Dementia is a term that describes a wide range of symptoms associated with a decline in memory severe enough to reduce a person’s ability to perform daily activities. Alzheimer’s disease accounts for 60 to 80 percent of all cases. The second most common type is the overall cognitive decline following a ‘Stroke’, and this is termed as the vascular dementia. There are quite a few medically reversible dementias which occur secondary to vitamin deficiencies and thyroid disorders.
Memory deficit is the cardinal feature of dementia, however, this definition requires impairment in one more domain namely language, perception, visuospatial function, calculation, judgement, abstraction and problem-solving skills. This disorder affects 3 – 11% of adults > 65 years age, with a greater presence among institutionalised residents ! The risk factors includes advancing age, family history of dementia and the presence of apolipoprotein E-4 allele.
There are a substantial subset of patients who have underlying reversible causes for dementia. A few of them do get misdiagnosed as depressive illness or ignored and attributed to advancing age ! Chronic subdural haematomas, normal pressure hydrocephalus, frontal lobe tumours (low grade astrocytoma), gliomatosis cerebri, metastatic brain tumours, lymphoma (brain) and benign cranial tumours like basifrontal Meningioma can lead to memory and cognitive decline. In these patients, dementia may be the first warning symptom without any other feature of raised intracranial pressure. Cases related to head trauma, encephalomenigitis (brain fever), stroke (occlusive & hemorrhagic) also present with a general decline in cognition and are correctable to a great extent (long duration of treatment required) if presented to the clinician early !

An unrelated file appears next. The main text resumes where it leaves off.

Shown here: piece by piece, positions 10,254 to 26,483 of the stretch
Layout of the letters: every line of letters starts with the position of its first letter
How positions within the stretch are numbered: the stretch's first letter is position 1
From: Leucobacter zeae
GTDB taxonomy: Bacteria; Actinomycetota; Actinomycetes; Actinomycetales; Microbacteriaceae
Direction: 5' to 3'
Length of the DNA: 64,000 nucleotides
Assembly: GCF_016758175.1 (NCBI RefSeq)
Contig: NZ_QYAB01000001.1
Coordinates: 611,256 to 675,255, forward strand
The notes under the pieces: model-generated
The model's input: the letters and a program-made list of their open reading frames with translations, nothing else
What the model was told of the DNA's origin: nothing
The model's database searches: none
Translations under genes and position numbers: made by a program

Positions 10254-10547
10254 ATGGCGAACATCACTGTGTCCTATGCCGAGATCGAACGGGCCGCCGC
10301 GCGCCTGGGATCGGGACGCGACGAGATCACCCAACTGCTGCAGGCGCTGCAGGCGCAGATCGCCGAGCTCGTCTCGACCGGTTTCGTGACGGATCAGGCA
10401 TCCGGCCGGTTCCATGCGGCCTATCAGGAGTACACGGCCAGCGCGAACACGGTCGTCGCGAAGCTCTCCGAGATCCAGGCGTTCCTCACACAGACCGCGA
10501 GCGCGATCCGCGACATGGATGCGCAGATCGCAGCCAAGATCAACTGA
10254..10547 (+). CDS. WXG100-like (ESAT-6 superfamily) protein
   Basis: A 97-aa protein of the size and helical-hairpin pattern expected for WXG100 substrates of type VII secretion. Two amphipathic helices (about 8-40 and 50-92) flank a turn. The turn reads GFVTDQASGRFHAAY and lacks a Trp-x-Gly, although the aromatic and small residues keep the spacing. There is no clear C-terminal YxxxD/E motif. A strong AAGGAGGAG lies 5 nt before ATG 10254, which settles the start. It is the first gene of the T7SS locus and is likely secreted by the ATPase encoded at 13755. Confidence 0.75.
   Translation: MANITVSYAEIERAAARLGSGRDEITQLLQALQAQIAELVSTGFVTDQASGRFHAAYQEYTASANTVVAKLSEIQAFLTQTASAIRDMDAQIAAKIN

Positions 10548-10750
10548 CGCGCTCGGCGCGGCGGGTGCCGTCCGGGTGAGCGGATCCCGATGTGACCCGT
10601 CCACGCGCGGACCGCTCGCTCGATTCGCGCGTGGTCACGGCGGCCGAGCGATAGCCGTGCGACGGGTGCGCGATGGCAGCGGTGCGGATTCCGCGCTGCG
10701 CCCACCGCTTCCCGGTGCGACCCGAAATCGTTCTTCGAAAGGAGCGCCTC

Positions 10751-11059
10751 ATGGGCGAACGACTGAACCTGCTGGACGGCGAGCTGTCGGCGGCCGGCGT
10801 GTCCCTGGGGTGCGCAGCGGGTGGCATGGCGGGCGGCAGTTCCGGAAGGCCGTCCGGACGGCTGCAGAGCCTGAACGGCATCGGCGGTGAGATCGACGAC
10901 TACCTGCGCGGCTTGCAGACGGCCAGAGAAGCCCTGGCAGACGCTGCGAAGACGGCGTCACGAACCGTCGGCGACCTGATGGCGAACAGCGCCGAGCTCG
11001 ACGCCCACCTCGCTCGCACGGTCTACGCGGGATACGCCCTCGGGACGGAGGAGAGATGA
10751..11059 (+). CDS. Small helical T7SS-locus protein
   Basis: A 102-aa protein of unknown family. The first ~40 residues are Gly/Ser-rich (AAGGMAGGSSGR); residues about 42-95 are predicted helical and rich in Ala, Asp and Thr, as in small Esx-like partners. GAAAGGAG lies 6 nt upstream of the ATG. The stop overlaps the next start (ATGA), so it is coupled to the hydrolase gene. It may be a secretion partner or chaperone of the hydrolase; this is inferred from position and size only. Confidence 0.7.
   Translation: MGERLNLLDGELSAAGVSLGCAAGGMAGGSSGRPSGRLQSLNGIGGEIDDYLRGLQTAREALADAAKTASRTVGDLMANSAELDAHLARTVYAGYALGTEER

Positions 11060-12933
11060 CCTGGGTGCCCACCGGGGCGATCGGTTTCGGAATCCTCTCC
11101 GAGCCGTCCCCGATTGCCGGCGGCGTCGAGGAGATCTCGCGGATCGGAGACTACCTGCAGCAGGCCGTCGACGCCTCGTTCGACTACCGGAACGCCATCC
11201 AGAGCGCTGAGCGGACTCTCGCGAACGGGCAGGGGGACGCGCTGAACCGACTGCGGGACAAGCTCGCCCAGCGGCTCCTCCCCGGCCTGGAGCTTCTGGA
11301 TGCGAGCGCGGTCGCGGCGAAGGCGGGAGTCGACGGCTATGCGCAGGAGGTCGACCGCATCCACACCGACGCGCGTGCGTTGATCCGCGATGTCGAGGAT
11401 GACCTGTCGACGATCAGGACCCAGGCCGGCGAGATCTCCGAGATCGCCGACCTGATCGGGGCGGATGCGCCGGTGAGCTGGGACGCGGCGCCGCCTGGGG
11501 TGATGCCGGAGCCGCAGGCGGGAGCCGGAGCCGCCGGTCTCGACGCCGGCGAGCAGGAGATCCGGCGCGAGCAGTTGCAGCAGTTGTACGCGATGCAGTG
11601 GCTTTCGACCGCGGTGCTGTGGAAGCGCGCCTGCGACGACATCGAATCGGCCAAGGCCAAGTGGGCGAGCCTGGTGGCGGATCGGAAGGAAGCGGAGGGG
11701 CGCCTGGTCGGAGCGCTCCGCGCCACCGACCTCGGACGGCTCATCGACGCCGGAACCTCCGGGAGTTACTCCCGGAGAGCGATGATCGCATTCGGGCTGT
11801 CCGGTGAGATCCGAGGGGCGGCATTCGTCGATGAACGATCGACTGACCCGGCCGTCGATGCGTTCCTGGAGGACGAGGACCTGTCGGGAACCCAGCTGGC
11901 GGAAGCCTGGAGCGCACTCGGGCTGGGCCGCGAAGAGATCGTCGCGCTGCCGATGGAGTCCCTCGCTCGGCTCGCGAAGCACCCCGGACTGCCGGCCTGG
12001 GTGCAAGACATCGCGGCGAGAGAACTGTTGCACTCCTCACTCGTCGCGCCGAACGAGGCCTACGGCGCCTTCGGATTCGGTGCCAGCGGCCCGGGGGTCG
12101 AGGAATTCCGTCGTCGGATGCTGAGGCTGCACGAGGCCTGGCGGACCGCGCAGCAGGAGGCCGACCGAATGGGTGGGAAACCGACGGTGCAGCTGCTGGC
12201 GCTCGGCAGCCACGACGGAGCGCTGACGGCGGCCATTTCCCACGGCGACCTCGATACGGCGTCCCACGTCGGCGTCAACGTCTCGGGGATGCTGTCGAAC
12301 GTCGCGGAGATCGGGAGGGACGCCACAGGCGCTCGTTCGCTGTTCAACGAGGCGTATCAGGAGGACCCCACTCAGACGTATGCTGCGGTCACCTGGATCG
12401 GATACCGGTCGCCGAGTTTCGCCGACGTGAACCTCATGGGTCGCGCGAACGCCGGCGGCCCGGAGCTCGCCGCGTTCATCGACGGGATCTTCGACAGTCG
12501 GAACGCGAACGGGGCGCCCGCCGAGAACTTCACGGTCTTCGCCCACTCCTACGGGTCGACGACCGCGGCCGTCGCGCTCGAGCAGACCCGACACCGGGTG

Anyone who has a recent onset of progressive decline in memory coupled with slowing of activities in daily living, though old need to be investigated. Thyroid function tests and screening of serum levels for vitamins can be done along with basic blood tests to rule out other causes of medically treatable dementias. Biochemical markers and EEGs are used to determine dementias due to ageing of brain cells like that of Alzheimer’s. MRI brain coupled with MR – angiography will be helpful to diagnose all other causes of dementia. At times the patient may need a dynamic CSF flow study using MRI if a disorder such as normal pressure hydrocephalus is suspected.
(An example of a Chronic Subdural haematoma presenting with cognitive decline of recent onset)
In dementia due to the degeneration of brain cells medical management with Donepezil and Memantine can help to control the decline in memory. Appropriate replacement therapies are required for thyroid disorders and vitamin deficiencies where drugs can reverse cognitive decline and maintains patient well being. A programmable shunt (ventriculo peritoneal) surgery is useful in cases of Normal pressure hydrocephalus. Simple cranial surgeries using burr holes can drain the subdural haematomas of chronic origin. Micro neurosurgical procedures will be of use to excise tumours (benign) where the symptoms of dementia are completely reversible. Malignant tumours of the brain will need radiation and chemotherapy in addition to surgery, though reversal of symptoms are temporary. Dementias with an underlying cause must be aggressively treated irrespective of an advanced age, as they are medically and surgically correctable in most cases !
Dr. M. J. Arunkumar, M. Ch., DNB Senior Consultant Neurosurgeon Hannah Joseph Hospital Madurai